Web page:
Former Miss Ecuador - Mónica Chalá
One morning, I stopped in a Walgreens store in San Francisco to buy a Latin-American phone card. The woman at the checkout counter, without bothering to ask if I speak Spanish, suggested that I buy a calling card for English speakers. This is far from the first time someone ASS-umed that I did not speak Spanish. Annoyed, I told her (in Spanish) that I have friends in Latin-America who speak Spanish only and I need this particular card! She acknowledged what I said by mumbling something about San Francisco being a multicultural city. Yeah, whatever!
I pointed this experience out to some friends, and humbly asked for some enlightenment; how do you look at someone and determine what language they can or cannot speak? A former college classmate answered,“ just ignore them Bill. She was just plain stereotyping. I'm sure when you responded in Spanish she felt silly.”
Another friend, who unlike I, happens to be a black native Spanish-speaker (half Cuban and half Dominican) says she has pity on people like that; she slams them with her Spanish, and the near look of cardiac arrest gives her great satisfaction.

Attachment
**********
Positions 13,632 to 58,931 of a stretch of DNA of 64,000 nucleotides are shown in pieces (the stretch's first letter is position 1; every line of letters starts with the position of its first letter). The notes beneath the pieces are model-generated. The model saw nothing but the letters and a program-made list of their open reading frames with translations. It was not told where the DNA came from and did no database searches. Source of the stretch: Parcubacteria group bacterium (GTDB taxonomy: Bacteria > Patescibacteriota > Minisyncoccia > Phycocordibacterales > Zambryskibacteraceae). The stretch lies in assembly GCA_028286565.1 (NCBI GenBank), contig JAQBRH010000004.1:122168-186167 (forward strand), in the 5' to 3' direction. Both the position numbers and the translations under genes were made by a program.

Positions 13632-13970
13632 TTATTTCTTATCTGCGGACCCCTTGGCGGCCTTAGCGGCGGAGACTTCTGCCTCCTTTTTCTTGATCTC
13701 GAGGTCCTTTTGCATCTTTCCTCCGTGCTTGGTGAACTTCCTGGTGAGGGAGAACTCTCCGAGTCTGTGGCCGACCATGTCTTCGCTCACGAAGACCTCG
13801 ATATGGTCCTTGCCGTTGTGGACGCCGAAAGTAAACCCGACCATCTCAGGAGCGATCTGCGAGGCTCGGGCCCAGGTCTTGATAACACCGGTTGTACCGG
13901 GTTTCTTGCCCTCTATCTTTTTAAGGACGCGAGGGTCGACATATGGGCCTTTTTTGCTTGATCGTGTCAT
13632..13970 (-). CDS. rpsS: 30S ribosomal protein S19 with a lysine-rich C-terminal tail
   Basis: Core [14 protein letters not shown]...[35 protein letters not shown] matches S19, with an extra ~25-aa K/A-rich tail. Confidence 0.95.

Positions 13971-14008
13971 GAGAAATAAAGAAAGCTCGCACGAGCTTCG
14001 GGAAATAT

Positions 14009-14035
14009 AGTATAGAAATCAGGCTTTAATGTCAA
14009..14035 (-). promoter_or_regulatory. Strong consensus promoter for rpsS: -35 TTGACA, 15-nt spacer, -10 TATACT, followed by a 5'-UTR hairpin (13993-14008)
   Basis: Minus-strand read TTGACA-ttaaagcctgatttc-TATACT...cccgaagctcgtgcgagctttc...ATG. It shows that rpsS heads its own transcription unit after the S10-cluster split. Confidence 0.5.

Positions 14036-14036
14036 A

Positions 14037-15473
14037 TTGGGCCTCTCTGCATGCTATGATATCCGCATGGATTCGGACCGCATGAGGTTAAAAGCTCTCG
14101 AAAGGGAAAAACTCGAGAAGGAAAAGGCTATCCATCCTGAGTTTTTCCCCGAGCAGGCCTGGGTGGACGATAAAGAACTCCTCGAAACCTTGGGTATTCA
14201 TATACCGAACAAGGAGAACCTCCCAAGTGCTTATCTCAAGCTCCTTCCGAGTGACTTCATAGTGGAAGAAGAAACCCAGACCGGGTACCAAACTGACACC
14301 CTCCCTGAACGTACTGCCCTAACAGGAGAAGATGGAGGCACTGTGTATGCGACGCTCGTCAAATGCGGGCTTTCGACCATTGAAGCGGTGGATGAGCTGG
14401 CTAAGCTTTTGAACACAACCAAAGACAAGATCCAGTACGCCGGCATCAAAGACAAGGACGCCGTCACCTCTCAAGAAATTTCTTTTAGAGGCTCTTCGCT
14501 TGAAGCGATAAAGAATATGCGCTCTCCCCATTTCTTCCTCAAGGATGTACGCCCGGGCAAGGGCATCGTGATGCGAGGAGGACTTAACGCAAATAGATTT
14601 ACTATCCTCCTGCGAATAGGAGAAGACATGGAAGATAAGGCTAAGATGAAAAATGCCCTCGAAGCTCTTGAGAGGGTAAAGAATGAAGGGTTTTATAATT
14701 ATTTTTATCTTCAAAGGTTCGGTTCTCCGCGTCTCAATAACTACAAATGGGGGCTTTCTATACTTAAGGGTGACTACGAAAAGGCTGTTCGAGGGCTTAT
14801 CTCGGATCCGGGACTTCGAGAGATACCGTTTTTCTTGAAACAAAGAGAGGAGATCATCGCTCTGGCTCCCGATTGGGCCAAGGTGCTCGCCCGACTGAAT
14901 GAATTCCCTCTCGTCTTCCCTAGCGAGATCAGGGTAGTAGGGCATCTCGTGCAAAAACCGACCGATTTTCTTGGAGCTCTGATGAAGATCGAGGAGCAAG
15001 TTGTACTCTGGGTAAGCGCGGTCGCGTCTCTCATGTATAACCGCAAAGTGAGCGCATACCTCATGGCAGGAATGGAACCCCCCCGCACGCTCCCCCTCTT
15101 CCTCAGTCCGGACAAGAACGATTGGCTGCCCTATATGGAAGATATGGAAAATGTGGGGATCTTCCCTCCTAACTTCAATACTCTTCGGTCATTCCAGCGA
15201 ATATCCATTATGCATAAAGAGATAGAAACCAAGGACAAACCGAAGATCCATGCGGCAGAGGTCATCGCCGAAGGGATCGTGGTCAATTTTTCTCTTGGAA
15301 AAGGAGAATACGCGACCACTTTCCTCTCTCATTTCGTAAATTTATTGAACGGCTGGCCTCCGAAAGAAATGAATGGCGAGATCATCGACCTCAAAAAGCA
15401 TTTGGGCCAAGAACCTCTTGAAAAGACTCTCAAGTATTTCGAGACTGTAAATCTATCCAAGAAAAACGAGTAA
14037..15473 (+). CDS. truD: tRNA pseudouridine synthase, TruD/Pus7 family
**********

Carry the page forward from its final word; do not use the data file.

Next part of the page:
From my growing up near Spanish Harlem in New York City, and working in Latino communities in Oakland and San Francisco, I know plenty of people, white, brown, and black who are of Latin-American ancestry who know little or no Spanish. Yet, I've met people of Chinese, Lebanese, and Jewish ancestries who are “native Spanish-speakers.” The same paradox goes for other languages.
When are people going to wake up and understand that you cannot simply look at people and discern their first, second, or third language?